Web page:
Typical routing systems and protocols forward traffic based on the destination address in the packet, which is used to look up an entry in a routing table. However, sometimes the traffic on your network requires a more hands-on approach. You might need to forward a packet based on the source address, the packet size, or other information in the packet header.
Policy-based routing (PBR) lets you make routing decisions based on filters that change the routing behavior of specific traffic so that you can override the routing table and influence where the traffic goes. For example, you can use PBR to help you reach the best bandwidth utilization for business-critical applications, isolate traffic for inspection or analysis, or manually load balance outbound traffic.
Policy-based routing is applied to incoming packets. All packets received on a PBR-enabled interface pass through enhanced packet filters that determine rules and specify where to forward the packets.
- You can create a maximum of 255 PBR match rules and 256 nexthop groups (this is the ECMP limit).
- You can apply only one PBR policy per input interface.
- You can match on source and destination IP address only.
- PBR is not supported for GRE or VXLAN tunneling.
- PBR is not supported on ethernet interfaces.
- A PBR rule cannot contain both IPv4 and IPv6 addresses.
A PBR policy contains one or more policy maps. Each policy map:
- Is identified with a unique map name and sequence number. The sequence number is used to determine the relative order of the map within the policy.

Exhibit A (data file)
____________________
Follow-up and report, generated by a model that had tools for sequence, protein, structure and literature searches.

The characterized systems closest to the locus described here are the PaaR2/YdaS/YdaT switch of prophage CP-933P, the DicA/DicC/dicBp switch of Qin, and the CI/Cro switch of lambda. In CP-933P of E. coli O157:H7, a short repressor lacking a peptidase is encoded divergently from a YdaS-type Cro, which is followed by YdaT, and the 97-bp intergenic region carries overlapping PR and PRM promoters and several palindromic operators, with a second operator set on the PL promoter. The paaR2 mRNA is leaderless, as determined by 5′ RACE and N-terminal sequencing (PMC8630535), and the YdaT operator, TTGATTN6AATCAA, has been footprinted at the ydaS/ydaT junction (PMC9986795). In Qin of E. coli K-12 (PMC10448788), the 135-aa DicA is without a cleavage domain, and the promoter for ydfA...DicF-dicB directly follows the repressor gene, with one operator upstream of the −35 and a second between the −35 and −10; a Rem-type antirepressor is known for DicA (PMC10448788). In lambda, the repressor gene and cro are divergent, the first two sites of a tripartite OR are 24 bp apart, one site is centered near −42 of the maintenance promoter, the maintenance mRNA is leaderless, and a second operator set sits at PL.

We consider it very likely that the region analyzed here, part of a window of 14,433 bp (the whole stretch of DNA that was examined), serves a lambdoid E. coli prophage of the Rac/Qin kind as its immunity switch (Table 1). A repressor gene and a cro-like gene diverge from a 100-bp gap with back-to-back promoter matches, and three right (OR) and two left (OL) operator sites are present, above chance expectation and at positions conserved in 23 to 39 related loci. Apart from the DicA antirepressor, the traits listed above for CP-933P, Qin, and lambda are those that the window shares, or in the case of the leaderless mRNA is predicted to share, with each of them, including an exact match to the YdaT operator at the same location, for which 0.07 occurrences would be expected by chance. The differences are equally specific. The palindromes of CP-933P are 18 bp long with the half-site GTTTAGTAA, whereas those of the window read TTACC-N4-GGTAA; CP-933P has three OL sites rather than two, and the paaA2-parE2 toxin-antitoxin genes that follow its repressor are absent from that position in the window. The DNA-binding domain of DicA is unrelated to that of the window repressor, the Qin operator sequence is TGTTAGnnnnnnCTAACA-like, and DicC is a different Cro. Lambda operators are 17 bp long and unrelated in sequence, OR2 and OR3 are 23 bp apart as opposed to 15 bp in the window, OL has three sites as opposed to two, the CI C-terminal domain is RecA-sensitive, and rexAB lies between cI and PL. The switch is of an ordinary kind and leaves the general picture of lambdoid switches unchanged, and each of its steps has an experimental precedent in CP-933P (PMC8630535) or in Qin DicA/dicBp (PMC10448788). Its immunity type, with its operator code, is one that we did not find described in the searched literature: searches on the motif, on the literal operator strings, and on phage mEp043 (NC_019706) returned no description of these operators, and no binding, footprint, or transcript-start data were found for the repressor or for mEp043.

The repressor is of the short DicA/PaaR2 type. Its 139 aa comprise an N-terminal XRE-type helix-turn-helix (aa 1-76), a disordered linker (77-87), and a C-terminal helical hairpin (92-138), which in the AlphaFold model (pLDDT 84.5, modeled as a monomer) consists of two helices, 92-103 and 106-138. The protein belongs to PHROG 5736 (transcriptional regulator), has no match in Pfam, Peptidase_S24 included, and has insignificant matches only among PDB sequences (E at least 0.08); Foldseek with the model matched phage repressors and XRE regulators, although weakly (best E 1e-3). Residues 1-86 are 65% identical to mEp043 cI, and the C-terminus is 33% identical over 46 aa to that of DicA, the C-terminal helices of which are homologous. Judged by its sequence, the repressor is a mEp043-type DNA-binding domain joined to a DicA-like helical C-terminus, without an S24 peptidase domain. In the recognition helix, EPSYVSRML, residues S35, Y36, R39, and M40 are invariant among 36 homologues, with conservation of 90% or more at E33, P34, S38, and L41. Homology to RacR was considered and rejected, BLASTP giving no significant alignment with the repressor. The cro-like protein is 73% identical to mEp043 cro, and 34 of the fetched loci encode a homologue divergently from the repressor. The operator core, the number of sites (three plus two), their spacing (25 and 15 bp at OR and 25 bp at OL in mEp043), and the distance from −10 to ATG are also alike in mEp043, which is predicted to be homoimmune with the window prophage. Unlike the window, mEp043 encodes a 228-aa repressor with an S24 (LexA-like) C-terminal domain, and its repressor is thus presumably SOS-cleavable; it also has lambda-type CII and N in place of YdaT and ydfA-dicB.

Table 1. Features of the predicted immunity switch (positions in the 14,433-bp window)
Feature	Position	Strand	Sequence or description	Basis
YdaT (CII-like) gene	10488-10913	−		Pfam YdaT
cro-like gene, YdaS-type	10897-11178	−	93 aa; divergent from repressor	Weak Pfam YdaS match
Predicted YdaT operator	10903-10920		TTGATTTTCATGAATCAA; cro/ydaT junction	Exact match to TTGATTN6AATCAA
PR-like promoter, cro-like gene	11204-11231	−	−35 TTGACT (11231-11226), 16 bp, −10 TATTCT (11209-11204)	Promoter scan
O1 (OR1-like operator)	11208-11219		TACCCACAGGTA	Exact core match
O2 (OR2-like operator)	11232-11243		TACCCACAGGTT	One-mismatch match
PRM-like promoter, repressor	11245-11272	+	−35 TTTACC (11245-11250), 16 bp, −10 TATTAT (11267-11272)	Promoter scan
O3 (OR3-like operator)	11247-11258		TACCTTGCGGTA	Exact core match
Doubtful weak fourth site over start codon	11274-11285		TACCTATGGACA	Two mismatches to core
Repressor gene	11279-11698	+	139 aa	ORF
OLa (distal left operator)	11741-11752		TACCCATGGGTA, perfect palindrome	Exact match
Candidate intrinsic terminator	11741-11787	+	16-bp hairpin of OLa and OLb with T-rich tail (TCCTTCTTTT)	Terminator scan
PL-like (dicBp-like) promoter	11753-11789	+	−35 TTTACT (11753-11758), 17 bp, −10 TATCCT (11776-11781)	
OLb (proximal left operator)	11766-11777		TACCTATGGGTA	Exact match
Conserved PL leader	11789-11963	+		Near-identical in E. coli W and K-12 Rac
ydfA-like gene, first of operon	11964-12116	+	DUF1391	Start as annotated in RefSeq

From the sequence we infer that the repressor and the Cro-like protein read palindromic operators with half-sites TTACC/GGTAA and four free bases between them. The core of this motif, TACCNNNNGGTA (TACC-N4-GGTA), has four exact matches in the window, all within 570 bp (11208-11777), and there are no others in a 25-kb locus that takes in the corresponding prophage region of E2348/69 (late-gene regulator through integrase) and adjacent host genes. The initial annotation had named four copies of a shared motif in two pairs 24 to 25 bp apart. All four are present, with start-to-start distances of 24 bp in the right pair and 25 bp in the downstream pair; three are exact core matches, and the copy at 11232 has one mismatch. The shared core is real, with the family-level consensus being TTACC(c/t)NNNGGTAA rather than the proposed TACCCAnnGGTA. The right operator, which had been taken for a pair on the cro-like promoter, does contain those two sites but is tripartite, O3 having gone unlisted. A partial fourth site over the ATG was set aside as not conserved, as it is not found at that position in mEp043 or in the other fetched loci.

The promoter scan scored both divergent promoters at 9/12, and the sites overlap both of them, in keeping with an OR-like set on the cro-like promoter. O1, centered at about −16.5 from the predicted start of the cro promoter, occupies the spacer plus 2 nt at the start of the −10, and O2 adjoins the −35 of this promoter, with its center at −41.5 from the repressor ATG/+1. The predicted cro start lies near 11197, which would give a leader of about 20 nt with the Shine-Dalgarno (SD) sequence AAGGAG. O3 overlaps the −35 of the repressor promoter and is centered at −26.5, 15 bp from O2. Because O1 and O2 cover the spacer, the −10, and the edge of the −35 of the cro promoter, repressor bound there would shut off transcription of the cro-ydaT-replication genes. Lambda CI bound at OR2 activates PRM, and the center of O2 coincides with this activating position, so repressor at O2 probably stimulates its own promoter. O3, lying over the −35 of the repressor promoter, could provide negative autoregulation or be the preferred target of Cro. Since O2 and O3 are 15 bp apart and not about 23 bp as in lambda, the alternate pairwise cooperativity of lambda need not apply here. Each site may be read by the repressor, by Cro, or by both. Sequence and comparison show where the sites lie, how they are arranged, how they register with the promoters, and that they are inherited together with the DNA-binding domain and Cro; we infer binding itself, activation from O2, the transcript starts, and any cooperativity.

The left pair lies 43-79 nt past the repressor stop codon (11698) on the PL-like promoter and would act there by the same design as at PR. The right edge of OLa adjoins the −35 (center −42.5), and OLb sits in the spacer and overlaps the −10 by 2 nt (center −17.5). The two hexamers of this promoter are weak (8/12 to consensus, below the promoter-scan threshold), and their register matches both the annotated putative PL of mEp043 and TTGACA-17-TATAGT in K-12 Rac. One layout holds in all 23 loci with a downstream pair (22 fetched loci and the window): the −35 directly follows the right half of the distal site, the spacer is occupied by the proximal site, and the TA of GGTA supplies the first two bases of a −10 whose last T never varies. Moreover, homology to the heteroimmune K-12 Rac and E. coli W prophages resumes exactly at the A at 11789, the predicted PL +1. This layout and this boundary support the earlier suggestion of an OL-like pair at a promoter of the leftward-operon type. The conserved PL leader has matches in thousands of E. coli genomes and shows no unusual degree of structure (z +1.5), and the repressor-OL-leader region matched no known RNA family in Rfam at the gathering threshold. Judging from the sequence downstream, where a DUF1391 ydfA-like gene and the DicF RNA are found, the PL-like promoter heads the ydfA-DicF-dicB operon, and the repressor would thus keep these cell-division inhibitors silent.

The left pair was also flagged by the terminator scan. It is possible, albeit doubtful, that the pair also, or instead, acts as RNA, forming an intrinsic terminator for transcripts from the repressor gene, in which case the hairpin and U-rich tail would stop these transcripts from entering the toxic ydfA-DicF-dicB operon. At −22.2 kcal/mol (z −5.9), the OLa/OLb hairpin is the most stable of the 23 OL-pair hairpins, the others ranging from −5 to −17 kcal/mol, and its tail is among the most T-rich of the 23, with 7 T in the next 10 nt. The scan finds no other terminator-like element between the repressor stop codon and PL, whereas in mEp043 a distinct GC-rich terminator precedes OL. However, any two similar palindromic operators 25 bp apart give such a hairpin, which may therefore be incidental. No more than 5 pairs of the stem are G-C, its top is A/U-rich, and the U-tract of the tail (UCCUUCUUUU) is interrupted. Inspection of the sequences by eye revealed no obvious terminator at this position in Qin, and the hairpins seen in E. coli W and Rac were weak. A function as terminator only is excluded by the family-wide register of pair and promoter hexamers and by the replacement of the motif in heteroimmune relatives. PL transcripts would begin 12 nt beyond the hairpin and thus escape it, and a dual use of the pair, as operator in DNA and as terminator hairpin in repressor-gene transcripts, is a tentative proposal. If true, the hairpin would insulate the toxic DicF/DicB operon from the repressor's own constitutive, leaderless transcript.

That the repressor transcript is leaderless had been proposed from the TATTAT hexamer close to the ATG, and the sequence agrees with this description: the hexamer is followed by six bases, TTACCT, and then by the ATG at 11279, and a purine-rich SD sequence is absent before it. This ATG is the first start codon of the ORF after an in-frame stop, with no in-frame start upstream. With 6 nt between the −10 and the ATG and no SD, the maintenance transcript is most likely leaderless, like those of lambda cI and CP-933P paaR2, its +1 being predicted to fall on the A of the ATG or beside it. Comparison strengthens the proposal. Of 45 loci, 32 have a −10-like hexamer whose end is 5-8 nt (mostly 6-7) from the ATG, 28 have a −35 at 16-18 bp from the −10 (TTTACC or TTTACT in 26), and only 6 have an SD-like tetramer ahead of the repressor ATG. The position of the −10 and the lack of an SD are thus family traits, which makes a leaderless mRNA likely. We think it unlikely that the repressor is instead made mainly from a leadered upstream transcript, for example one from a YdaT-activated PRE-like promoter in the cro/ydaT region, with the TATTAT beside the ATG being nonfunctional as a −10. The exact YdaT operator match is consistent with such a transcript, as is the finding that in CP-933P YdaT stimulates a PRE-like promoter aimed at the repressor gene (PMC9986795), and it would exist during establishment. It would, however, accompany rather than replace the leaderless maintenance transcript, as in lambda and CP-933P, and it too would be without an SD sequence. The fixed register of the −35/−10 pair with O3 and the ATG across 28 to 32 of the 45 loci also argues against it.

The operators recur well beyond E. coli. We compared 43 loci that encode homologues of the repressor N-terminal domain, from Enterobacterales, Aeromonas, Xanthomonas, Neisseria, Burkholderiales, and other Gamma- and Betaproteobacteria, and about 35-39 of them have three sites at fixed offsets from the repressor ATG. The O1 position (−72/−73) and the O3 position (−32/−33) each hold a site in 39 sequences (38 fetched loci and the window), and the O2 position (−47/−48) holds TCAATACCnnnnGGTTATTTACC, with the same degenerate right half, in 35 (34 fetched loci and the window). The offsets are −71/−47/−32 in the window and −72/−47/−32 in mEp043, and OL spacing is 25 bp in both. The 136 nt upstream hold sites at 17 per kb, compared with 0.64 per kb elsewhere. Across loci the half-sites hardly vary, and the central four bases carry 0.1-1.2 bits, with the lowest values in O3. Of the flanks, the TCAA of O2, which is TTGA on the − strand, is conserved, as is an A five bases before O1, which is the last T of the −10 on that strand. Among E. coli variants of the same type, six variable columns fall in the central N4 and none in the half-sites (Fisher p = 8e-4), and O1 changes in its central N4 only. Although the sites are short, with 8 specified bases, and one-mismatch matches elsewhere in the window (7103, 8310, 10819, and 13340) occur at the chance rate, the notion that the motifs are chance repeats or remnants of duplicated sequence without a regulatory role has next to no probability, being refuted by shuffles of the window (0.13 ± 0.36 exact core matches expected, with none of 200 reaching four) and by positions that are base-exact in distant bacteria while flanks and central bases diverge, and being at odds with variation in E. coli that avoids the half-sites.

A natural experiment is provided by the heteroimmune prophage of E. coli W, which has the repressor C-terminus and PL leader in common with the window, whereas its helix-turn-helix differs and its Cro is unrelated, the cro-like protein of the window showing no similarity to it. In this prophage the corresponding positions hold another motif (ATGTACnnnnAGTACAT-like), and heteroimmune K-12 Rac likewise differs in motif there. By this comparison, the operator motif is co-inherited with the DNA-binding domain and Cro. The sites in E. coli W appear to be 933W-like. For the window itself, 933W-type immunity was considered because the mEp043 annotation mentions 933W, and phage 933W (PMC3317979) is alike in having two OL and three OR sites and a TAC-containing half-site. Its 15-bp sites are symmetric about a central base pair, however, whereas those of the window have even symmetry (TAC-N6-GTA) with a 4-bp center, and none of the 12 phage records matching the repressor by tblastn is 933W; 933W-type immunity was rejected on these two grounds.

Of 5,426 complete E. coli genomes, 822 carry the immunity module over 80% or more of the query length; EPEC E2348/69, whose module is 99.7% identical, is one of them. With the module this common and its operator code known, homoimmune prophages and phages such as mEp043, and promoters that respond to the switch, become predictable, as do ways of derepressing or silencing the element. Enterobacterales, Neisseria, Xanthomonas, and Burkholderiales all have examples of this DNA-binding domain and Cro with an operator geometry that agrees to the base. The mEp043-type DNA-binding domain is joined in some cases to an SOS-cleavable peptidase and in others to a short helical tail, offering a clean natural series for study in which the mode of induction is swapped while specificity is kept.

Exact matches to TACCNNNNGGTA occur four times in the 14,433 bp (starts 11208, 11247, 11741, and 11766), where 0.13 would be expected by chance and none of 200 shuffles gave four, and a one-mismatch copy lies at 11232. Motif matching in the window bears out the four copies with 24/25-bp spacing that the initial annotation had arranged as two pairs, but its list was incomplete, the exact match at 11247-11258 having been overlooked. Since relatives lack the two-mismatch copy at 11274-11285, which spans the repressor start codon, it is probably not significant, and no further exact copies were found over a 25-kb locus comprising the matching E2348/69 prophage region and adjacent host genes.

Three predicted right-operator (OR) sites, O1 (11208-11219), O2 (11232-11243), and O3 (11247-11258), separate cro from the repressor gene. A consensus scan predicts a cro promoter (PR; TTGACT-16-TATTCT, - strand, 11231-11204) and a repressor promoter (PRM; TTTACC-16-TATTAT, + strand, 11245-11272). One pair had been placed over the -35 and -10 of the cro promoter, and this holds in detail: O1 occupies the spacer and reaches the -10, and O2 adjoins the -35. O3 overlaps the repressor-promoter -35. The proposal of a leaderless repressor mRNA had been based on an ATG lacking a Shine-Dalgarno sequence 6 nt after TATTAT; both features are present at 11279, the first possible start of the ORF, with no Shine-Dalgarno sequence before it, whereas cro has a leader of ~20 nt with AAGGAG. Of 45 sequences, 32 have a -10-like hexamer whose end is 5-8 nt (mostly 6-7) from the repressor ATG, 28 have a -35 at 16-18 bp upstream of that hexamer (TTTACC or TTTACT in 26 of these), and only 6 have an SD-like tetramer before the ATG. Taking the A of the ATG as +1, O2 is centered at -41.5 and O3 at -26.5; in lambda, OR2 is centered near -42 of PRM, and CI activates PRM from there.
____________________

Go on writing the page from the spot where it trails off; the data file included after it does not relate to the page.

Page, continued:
- Contains a match source IP rule or a match destination IP rule, and a set rule.
- To match on a source and destination address, a policy map can contain both match source and match destination IP rules.
- A set rule determines the PBR nexthop for the policy. The set rule can contain a single nexthop IP address or it can contain a nexthop group. A nexthop group has more than one nexthop IP address so that you can use multiple interfaces to forward traffic. To use ECMP, you configure a nexthop group.
To use PBR in Cumulus linux, you define a PBR policy and apply it to the ingress interface (the interface must already have an IP address assigned). Traffic is matched against the match rules in sequential order and forwarded according to the set rule in the first match. Traffic that does not match any rule is passed onto the normal destination based routing mechanism.
For Tomahawk and Tomahawk+ platforms, you must configure the switch to operate in non-atomic mode, which offers better scaling as all TCAM resources are used to actively impact traffic. Add the line
acl.non_atomic_update_mode = TRUE to the
/etc/cumulus/switchd.conf file. For more information, see Nonatomic Update Mode vs. Atomic Update Mode.
To configure a PBR policy:
Configure the policy map with the
net add pbr-map <name> seq <1-700> match dst-ip|src-ip <ip/prefixlen>command.
The example commands below configure a policy map called
map1with sequence number 1, that matches on destination address 10.1.2.0/24 and source address 10.1.4.1/24.
If the IP address in the rule is
0.0.0.0/0 or ::/0, any IP address is a match. You cannot mix IPv4 and IPv6 addresses in a rule.
- Either apply a nexthop or a nexthop group to the policy map:
To apply a nexthop to the policy map, use the